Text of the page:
Graduated exercise is used in rehabilitation to ensure exercise intensity and activities progress with healing and do not cause further injury. Graduated exercise refers to the gradual increase in range of motion, intensity, and activities to help ensure the athlete’s recovery is as pain free as possible. Graduated exercise will progress through three (3) stages – stretching, then conditioning, then total body fitness -, though these stages will overlap as the athlete recovers and is able to perform various activities.
Stretching as graduated exercise
There are various forms of stretching, including: static, proprioceptive neuromuscular facilitation (PNF), dynamic, and ballistic. Ballistic stretching is generally avoided in rehabilitation as it can be unsafe and cause injury by bouncing too far in the stretch causing a muscle strain. This is particularly unwanted in rehabilitation of a muscle strain.
Static stretching is the least intense of the stretches, but also provides the least gain. Often graduated exercises of stretching begin with simple static stretches, before moving onto PNF and dynamic stretching.
PNF stretching is the most common and usually the most beneficial form of stretching during rehabilitation. Gains in range of motion/movement are large, which helps prevent joint stiffness and promotes recovery.
Dynamic stretching is also used in rehabilitation, though usually towards the end as it requires more control. Usually an athlete who is using dynamic stretching has also progressed or graduated to the conditioning phase of rehabilitation.
Conditioning as graduated exercise
Conditioning is the process of strengthening muscles and getting them back to their pre-injury levels. This is in relation to muscular strength, muscular endurance, speed, and power. Muscles often lose these while an athlete is injured, especially if it is a muscular strain.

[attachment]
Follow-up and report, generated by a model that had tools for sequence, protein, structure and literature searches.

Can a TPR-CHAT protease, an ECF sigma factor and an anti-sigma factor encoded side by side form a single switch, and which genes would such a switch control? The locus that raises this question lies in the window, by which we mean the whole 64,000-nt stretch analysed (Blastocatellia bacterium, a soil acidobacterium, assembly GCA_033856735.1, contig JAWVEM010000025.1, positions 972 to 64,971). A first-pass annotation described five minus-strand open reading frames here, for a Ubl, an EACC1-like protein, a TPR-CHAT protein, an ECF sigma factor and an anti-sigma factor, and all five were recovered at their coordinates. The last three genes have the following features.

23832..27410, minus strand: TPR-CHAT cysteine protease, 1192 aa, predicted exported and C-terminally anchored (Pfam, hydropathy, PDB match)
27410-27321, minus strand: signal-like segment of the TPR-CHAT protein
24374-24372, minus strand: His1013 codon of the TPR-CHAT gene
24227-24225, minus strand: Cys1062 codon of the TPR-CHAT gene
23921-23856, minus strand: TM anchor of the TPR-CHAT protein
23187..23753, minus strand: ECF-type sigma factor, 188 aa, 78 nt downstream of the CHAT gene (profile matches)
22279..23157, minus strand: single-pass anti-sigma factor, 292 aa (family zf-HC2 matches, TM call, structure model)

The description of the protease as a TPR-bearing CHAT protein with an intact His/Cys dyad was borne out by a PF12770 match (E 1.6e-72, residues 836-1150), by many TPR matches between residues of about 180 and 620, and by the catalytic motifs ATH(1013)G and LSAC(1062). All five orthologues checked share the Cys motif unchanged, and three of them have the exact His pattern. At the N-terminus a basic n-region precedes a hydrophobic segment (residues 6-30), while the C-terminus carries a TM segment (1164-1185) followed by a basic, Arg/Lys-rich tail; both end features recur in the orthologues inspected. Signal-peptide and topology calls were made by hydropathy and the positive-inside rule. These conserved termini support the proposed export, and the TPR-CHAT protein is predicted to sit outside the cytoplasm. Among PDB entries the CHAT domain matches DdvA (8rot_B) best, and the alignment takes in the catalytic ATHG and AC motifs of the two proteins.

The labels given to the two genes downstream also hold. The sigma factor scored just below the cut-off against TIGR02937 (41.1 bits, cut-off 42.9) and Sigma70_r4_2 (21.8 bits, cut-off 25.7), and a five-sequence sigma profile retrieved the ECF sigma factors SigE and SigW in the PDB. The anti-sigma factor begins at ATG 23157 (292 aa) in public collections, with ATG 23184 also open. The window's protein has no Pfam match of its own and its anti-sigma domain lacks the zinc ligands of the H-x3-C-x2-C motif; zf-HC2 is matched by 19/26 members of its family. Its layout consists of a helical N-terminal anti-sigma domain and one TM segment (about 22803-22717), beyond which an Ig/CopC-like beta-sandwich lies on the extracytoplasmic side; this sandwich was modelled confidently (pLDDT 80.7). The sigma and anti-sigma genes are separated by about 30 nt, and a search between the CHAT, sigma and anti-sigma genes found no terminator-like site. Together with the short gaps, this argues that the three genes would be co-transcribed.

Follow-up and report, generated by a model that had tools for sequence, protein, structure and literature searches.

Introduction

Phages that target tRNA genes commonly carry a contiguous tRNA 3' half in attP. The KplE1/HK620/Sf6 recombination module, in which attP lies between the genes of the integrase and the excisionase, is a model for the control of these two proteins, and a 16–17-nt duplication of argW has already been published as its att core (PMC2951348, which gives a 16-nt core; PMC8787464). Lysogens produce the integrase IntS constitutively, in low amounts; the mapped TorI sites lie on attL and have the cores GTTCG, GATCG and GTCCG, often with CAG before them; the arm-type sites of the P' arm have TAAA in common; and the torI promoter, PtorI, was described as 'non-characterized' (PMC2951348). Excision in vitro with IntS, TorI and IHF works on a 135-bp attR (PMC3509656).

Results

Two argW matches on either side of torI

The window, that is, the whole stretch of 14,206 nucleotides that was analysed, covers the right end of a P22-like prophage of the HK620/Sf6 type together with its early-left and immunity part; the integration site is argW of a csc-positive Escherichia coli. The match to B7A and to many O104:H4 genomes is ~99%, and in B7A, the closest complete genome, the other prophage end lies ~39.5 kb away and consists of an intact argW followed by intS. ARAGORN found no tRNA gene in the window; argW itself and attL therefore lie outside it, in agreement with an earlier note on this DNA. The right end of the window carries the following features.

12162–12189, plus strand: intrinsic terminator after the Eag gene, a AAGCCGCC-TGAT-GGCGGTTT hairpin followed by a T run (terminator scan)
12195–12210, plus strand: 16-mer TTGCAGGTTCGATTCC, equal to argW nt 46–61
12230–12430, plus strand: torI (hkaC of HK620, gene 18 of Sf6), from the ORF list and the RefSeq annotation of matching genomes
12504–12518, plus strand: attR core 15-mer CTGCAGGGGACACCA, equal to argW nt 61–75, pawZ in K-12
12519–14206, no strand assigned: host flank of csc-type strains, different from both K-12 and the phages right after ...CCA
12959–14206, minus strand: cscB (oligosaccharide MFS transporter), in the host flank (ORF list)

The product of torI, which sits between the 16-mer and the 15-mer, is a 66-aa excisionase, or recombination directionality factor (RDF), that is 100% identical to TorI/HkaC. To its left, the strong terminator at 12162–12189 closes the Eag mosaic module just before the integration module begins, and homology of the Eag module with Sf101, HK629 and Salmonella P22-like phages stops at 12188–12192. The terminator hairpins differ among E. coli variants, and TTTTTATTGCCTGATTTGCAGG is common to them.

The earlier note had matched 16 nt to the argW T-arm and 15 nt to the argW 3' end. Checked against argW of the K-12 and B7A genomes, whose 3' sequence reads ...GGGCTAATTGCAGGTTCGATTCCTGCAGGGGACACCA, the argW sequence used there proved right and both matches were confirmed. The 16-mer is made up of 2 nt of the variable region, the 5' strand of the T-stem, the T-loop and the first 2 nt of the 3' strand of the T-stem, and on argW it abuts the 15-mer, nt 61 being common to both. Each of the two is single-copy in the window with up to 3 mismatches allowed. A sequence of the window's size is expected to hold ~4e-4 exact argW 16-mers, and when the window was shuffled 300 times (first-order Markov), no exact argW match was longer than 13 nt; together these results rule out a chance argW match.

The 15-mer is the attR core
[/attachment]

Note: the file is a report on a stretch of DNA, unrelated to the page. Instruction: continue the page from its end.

Conditioning is always specific to the injury, and the athlete involved. An injured knee will require conditioning of the muscles around the knee: hamstrings, quadriceps, and gastrocnemius. These muscles will need to be strengthened again as the reversibility effect would have caused atrophy in these unused muscles. Further loss will occur in muscular endurance and speed, and muscular strength combined with speed produces the muscular power.
Graduated conditioning of muscles begins with the strengthening of the muscles and developing muscular endurance. Exercises begin at low intensities and progressive overload is used to ensure the intensity slowly increases as muscular strength and endurance increase. Once the muscles as strong and can keep the joint stable to avoid further injury and they have their endurance back, muscular speed and power can also be redeveloped. These come last as they cause more stress to muscles and joints requiring a greater level of recovery.
Total body fitness as graduated exercise
During injury the reversibility effect causes a loss of total body fitness. Some injuries result in an athlete being unable to exercise for extensive amounts of time, and reversibility begins after 2-3 weeks. If possible an athlete should be doing any exercise possible while injured. This could be upper body training, while the athlete recovers from an injured ankle, or lower body training if they have just had a shoulder reconstruction. Often it is possible for the athlete to do some forms of training while injured. Even exercising using the “good leg” when recovering form a knee injury on the other leg.
Regardless, this kind of training will only help slow down reversibility, and will not maintain previous total body fitness completely. This means the athlete will need to restore previous levels of fitness across their body. During this time pre and post injury testing becomes vital. Post injury test should be compared with pre-injury results to determine if the athlete has fully recovered or at least recovered to a level ready to return to play.
Total body fitness refers to each aspect of both the health and skill related components of fitness. This helps ensure a complete recovery in each component, so that no weakness is present when the athlete returns to play after graduated exercise.